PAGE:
by Mitch Kokai
Senior Political Analyst, John Locke Foundation
A lot of ink has been spilled (or should I say pixels generated) speculating about why a critical mass of the U.S. electorate, strategically located, decided to stun the planet in November 2016 and put Donald Trump in the Oval Office. Zito and Todd took an unconventional approach: They talked to voters from places like Ashtabula, Ohio and Freeland, Pennsylvania who voted for Donald Trump in 2016. They took what they learned, and categorized these voters into seven “archetypes,” from “Red-Blooded and Blue-Collared” to “Silent Suburban Moms.”
Yet the factor that weaves these disparate archetypes together is the idea of community. Put simply, the voters interviewed explained – albeit in different ways — that they cast their 2016 ballots in the way they thought would best sustain their communities.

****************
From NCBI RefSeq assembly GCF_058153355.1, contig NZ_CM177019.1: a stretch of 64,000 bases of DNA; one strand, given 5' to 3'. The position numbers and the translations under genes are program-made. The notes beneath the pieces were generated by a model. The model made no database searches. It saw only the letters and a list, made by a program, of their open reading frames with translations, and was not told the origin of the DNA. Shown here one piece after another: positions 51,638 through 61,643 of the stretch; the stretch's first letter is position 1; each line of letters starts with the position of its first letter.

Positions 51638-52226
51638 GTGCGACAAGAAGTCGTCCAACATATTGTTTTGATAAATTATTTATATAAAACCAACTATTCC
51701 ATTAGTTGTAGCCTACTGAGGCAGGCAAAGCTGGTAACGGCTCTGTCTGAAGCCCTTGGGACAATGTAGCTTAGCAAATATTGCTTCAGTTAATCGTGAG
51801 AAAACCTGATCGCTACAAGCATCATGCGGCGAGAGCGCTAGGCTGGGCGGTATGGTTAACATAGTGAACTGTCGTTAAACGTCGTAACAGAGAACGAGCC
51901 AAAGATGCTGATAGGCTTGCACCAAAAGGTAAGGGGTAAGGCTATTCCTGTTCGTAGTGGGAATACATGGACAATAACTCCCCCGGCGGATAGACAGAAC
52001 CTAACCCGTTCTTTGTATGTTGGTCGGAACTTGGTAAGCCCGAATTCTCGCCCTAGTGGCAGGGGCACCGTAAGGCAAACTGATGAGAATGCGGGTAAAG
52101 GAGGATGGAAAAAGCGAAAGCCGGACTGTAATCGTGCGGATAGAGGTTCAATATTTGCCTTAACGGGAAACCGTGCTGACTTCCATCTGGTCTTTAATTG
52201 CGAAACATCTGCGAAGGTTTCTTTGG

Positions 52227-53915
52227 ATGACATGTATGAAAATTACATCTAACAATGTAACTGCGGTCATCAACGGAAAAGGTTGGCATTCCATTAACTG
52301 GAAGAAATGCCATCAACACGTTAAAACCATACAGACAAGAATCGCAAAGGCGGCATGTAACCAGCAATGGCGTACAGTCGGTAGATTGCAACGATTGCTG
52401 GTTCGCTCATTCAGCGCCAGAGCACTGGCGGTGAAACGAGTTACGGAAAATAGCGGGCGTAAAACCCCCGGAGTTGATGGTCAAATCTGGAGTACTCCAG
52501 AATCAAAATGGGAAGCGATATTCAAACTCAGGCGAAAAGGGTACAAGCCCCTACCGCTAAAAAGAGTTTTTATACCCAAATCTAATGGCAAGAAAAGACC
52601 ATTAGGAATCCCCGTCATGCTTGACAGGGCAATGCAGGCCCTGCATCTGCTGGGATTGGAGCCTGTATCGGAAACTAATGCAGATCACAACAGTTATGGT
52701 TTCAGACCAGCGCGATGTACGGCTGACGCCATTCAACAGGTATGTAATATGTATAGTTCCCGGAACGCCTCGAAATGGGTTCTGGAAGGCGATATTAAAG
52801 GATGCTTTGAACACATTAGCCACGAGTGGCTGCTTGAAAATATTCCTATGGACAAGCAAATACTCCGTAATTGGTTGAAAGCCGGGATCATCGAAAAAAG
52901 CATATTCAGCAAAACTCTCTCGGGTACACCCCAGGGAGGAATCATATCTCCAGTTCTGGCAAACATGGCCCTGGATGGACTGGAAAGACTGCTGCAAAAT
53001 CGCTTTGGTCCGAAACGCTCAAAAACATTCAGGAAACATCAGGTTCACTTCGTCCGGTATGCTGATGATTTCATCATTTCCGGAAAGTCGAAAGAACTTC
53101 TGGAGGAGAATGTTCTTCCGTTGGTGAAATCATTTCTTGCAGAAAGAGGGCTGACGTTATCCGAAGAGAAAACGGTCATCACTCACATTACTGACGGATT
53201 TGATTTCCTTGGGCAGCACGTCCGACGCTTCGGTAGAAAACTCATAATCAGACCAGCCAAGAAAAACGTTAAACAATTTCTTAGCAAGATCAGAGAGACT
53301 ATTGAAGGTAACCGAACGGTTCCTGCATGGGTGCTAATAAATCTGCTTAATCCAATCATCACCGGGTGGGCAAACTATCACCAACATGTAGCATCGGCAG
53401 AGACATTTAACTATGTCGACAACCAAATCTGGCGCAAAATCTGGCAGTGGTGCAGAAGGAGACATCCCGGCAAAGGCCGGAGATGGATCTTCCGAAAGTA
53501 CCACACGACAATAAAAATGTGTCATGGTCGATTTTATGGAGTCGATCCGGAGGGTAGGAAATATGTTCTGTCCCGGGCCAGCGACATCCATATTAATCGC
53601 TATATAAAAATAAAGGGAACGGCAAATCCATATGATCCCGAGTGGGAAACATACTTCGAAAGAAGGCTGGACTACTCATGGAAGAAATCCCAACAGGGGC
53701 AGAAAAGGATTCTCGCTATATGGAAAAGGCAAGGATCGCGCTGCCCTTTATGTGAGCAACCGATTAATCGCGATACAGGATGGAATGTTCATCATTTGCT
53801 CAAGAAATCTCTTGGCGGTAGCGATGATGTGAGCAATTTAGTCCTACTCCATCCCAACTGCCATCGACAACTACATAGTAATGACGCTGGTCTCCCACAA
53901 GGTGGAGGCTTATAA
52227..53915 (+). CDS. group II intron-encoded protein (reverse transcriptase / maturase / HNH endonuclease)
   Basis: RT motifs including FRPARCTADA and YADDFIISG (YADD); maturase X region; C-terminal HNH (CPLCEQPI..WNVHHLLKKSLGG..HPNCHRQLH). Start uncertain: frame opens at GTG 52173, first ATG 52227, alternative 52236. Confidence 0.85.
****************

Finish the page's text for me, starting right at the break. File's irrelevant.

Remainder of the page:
How did these voters define their communities? Clearly their idea of community included the local town or city in which they lived. But these voters also saw themselves as part of the American community. They often expressed pride in the vote for Trump in terms of feeling that they had done something special for their country.
What they didn’t identify with was what elites sometimes call the “international community.”